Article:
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    Doing well by doing good: Corporate pharmacy shows you how

    David StanleySometimes there's nothing like a good cop show on TV, and as the deadline for this month's column approaches, I've wasted most of the afternoon remembering some of my favorites. There was a time in the ’90s when I never missed an episode of a series most famous for pushing the boundaries of what broadcast television would tolerate in terms of nudity and salty language. It wasn't seeing an occasional bare bottom or hearing words usually reserved for the locker room that drew me to the show, though. It was the writing.

    If you paid attention, there was always a larger theme to the week's cases, as in the episode when a suspect's parents turned him in solely to collect reward money to feed their drug habit, while another was shielded from the police because his friends truly — and incorrectly, as it turned out — believed him to be innocent.

    A situation in which the right thing was done for a bad reason and the wrong thing was done for a good one. Brilliant. And now that I think about it, I wonder whether any of the writers for that old show went on to work for the former CVS/Caremark, now known as CVS Health.

    Nix the nicotine

    For those of you who haven't heard, the PBM side of the company announced at the end of October that it will form a “tobacco-free” network of pharmacies that will require a patient to cough up an extra co-pay, reported to be as much as $15, to fill a prescription at any pharmacy that sells tobacco products. This comes after the announcement made earlier this year, with much fanfare, that tobacco would no longer be sold at CVS stores.

    So CVS Health stops selling tobacco and then develops a plan that would charge people extra for going to a competing pharmacy that does. Evidently the company that pledged to be “agnostic” about where prescriptions are filled when the CVS/Caremark merger was under review has now found religion.

    It's hard to see this move as anything other than a cynical, albeit brilliant, ploy to use the power that comes with being simultaneously one of the country's largest pharmacy chains and one of its largest pharmacy benefit managers to damage the other “Big Two” of the chain pharmacy world, Walgreen's and Rite Aid, both of which continue to sell tobacco at their thousands of stores.

    David Stanley, RPh
    David Stanley is a pharmacy owner, blogger, and professional writer in northern California. Contact him at [email protected]

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    • STEVENFFLETCHER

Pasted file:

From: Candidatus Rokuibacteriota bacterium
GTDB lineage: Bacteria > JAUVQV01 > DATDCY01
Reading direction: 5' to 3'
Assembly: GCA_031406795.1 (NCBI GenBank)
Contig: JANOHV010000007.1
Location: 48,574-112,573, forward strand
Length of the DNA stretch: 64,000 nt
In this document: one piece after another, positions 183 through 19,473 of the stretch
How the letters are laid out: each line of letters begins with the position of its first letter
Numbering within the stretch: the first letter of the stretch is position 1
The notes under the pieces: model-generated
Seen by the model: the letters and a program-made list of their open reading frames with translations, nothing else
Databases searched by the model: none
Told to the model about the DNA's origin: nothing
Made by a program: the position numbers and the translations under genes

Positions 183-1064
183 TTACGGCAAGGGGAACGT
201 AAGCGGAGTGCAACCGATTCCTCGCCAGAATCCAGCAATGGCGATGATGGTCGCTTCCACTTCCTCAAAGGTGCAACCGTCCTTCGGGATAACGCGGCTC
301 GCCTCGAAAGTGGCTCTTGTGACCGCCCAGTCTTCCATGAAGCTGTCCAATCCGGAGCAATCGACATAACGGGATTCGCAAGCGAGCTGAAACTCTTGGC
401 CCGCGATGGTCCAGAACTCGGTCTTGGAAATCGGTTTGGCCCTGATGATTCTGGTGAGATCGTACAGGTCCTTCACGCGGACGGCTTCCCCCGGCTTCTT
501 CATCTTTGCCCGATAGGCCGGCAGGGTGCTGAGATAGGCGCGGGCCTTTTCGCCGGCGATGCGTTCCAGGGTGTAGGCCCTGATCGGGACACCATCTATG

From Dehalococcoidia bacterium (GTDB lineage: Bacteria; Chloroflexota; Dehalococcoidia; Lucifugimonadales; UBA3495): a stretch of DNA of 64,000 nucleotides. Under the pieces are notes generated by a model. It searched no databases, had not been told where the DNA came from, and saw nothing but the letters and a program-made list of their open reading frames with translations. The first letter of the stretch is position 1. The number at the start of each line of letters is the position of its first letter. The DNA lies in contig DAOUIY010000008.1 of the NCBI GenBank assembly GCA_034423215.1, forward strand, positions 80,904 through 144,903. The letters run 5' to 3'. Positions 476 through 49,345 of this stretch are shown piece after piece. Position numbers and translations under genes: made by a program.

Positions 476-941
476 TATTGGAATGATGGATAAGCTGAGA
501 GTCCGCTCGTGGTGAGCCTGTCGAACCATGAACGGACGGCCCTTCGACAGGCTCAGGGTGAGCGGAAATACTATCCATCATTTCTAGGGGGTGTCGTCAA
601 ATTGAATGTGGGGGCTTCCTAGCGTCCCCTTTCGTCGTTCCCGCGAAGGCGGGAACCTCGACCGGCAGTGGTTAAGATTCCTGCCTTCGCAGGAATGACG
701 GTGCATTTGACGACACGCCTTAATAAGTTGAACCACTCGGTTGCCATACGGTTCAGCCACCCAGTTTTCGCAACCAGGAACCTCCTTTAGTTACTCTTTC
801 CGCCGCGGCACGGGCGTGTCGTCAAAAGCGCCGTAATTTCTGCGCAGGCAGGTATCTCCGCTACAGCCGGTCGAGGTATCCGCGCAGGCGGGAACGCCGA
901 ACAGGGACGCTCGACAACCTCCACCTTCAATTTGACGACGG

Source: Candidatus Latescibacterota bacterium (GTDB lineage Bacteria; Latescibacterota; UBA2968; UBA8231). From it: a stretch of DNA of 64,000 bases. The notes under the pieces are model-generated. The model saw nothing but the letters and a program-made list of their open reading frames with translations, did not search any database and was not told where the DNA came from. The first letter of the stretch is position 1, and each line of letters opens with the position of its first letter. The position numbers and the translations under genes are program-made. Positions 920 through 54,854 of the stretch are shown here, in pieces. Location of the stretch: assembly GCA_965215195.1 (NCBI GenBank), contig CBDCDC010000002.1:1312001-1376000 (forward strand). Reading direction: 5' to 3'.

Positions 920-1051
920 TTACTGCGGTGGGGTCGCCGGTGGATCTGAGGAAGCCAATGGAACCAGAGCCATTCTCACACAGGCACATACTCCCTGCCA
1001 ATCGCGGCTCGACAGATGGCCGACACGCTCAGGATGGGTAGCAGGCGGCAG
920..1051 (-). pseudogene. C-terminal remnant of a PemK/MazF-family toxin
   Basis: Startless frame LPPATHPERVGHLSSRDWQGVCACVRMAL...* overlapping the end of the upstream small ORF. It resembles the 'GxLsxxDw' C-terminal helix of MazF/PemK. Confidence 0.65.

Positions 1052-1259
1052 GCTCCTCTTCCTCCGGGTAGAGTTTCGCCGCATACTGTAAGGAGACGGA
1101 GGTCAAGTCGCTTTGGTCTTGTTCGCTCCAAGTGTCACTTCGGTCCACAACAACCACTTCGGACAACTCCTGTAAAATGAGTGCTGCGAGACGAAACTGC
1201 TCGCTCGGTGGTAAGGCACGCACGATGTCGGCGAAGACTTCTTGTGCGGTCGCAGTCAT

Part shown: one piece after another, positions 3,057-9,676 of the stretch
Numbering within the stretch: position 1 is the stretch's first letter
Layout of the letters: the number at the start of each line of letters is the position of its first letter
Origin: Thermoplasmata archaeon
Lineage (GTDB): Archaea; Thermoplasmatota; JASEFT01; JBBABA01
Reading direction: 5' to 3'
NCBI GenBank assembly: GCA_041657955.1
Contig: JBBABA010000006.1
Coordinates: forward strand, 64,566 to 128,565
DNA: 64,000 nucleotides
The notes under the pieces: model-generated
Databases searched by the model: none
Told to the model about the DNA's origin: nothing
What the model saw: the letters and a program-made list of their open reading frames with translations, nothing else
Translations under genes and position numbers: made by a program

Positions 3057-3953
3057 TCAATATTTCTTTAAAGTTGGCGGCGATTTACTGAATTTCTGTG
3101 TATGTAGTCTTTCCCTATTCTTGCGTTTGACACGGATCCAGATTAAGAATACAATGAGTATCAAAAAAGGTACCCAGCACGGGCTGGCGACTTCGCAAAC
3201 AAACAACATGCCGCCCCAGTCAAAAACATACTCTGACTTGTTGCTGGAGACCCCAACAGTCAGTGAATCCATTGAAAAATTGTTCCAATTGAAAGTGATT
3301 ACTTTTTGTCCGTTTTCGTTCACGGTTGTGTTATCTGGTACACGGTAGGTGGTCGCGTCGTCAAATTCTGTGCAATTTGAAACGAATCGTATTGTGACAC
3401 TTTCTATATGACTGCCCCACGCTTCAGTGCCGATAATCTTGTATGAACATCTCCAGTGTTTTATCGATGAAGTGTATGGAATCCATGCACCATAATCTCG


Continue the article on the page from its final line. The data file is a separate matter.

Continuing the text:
This will be really a great move by CVS to stop the selling of tobacco; tobacco is definitely a worst addiction by human being it brings several kinds of negative health problems. In most of occasion we have found that government also promotes the ban on tobacco and spread the awareness program among people; which ultimately protect the concept of human health and hazards. http://www.certifiedcoaches.com/health-&-wellness-coaches.html
    • Anonymous
      I still can't say I'm impressed by CVS big move to stop selling tobacco. Most "Mom-and-Pop" independents stopped selling it 40 years ago, and it wasn't a corporate financial decision then, it was just good for our patients. What took you so long, CVS?
    • Anonymous
      I admit my furrowed brow when I first heard the no-cig hype from CVS early on, wondering what was up their collective sleeve, especially since the withdrawal of tobacco products was not to be immediate. Sadly, subsequent events have solidified my view that the health of their customers is secondary to that of their pocketbooks.
    • Anonymous
      As a pharmacist who luckily only works part time for CVS I don't feel that they have the patients' well being in mind, Sure they stopped selling tobacco but they never have enough staff so that even 1/2 the new prescriptions filled are counselled. Also the new law making Hydrocodone a CII has added at least a couple of hours more paperwork and they don't let their techs count them, but they haven't added any hours to compensate even though there are pharmacists available. It is all about corporate profits and maybe bonuses for district managers based on money they saved the company.
    • ROBERTLEWINTER
      Are they still selling alcohol?